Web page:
Richard (Dick) Whittingham spent all his working life at de Havilland, starting as an apprentice in 1935 and finishing up as a senior production engineer. This is the seventh and final extract from Dick’s wartime diaries, adapted by his nephew Roger Coasby, and it gives a personal insight into those exciting days at Hatfield in the early 1940’s.
Big Gun Mosquito
“In May 1943 we were out on the airfield in front of the Experimental Dept: at Hatfield when we were surprised to see an Army lorry appear towing a 6 pounder field gun. It stopped in front of our flight hangar and unhitched the gun which was then quickly wheeled inside. We had no idea whatsoever why we needed a field gun, unless it was to provide DH’s Home Guard with some artillery – which seemed rather unlikely.
It shows how efficient wartime security was in the factory, because it was some time later when we found that the gun had been removed from its carriage and was being installed in a Mosquito in the Experimental Flight Hangar. We had been working on HJ732 for a few days without realising it was to become the prototype FB.XVIII with a 57mm gun fitted in the space normally occupied by the four 20mm cannons! There was a rumour that the gun feed mechanism had been made by a cigarette machine manufacturer, but it was not until after the war that we found out that this was true, and that the mechanism had been produced by Molins of Peterborough.
According to my wartime diary we spent the last week in May and the first week in June carrying out mods to the airframe, and getting it ready for flight, and on Saturday afternoon, June 5th, we towed it over to the gun butts which were situated on the northern edge of the airfield. There was a rough track leading to the butts and we positioned the aircraft on the track, and then raised it into a flying position by lifting the tail on to an adjustable trestle.
On the following day, a Sunday afternoon, we returned, and an electrician and I decided to check the gun’s firing mechanism one last time. While we were underneath with our heads in the gun bay I don’t know what the electrician did, but the gun’s loading mechanism suddenly came to life. Something which I can only describe as a large drum stick – a steel bar with a padded knob on the end – shot forward and attempted to load his fist into the breech of the gun! Judging by the yell he gave, it must have been extremely painful.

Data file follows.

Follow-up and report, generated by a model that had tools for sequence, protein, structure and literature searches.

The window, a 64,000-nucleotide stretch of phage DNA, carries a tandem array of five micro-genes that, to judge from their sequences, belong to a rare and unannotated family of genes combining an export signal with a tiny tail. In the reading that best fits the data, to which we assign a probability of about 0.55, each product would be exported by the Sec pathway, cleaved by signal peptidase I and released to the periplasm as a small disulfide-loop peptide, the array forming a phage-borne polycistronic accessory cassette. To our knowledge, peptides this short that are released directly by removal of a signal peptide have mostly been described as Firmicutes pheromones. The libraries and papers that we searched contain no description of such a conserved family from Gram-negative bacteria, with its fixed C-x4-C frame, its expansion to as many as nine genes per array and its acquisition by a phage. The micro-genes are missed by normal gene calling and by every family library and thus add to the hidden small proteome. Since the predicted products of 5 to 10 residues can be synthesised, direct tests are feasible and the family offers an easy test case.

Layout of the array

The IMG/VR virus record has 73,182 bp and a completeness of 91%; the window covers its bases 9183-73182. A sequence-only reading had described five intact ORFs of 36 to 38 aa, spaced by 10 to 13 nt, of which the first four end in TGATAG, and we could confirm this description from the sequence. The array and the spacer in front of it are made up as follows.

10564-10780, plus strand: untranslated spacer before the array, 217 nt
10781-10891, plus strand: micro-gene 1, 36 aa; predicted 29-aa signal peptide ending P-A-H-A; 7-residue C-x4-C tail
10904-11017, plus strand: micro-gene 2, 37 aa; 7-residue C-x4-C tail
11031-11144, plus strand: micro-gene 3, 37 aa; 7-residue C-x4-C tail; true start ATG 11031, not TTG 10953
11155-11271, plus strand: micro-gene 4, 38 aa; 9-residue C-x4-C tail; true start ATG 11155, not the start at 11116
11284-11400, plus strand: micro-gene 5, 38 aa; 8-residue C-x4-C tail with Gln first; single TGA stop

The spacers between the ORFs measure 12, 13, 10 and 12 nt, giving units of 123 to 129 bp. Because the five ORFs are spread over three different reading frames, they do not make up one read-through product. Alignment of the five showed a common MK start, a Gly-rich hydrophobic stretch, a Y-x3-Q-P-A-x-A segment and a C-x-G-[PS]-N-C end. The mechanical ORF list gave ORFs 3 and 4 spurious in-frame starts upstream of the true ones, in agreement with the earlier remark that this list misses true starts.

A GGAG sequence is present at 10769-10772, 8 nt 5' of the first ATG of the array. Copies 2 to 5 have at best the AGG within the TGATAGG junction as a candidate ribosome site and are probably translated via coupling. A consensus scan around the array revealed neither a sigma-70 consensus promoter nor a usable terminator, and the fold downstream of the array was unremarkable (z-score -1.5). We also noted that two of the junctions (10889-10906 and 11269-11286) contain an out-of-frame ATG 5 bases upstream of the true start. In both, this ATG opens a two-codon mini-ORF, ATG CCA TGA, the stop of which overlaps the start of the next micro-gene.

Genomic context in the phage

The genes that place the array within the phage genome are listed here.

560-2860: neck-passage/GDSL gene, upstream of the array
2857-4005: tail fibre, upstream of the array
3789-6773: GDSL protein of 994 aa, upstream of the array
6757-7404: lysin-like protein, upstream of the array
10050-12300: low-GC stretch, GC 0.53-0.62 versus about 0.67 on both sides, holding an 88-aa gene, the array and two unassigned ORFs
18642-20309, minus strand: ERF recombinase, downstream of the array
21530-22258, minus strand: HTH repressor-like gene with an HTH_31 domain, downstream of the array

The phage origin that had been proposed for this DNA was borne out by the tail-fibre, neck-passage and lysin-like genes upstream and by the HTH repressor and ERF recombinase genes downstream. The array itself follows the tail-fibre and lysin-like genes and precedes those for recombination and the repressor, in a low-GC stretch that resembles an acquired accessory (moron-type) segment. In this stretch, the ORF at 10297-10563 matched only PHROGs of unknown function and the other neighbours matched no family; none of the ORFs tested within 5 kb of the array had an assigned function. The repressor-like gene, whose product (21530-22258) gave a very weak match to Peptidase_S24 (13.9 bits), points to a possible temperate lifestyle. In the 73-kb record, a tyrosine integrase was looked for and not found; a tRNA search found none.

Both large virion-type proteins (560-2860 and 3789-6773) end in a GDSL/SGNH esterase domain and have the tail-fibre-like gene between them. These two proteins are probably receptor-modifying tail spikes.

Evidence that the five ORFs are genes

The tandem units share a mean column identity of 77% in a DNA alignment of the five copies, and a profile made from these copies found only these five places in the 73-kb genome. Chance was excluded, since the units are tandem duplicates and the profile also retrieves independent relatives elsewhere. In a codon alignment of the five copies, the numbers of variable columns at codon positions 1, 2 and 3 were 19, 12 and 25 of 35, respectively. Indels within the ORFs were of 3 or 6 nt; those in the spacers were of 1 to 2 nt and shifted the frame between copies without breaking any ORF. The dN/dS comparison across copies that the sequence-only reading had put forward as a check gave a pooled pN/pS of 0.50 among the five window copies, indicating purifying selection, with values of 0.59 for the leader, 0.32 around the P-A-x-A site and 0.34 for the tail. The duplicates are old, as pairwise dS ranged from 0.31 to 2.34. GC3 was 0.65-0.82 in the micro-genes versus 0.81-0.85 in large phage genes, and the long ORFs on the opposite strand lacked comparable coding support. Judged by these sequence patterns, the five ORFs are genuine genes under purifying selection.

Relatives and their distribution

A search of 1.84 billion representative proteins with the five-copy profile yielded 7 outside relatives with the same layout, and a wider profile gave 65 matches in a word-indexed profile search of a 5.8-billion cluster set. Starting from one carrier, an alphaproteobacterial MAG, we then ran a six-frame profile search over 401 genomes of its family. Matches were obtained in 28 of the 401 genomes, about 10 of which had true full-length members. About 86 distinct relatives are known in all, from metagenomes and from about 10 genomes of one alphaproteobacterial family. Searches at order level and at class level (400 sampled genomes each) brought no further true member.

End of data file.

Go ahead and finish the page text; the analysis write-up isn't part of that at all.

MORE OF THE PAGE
Having satisfied ourselves that the loading mechanism was working we then waited to see who was going to fire the gun. Before very long an RAF officer, accompanied by an Army officer, arrived and climbed into the plane. They then asked if it was lined up with the gun butts. There was no gun-sight fitted at this stage so someone had the bright idea of peering down the barrel. We all took turns in looking through the barrel and jacked the tail trestle up until we all agreed that we could see the heap of sand that was in the butts. We then gave the officers the thumbs up, and just had time to get into a ditch that was alongside the track when they fired the gun. We were absolutely appalled at the noise it made, and certainly didn’t expect it to be so loud.
One of the officers then got out and said “would someone start the engines, as we want to fire the next round with the engines running.” He was told that I would do that, but as I walked over to the plane I noticed that the blast from the muzzle had dented the underside of the nose. I then wondered what effect the blast would have on the propeller blades when they were rotating. Nevertheless I got into the cockpit with the two officers and removed the escape hatch in the roof to give myself a means of exit. I then started the engines, and when they were running at a fast idle speed, locked the throttles and said “I’m going to leave you to it now.” I then got out of the hatch and was almost blown towards the tail where I was caught by the lads as I dropped to the ground. We crouched down in the ditch again and the gun was fired for a second time.
We were pleased to see that there was no further damage to the nose and the plane was towed back to the hangar. It flew for the first time on the following Tuesday, June 8th 1943 and was delivered to Boscombe Down for acceptance trials on Saturday June 12th.
It became known as the “Tsetse” Mosquito. We called it the “Big Gun Mossie”, but a wartime DH pamphlet dubbed it the “Flying Field Gun” which is perhaps the best description of what was a remarkable achievement.”
To read more about the FB Mk. XVIII “Tsetse” Mosquito click here.
Roger Coasby is a member of the de Havilland Aeronautical Technical School Association. You can find out more about the DHAeTSA, which has over 500 members, on our Affiliates page here.
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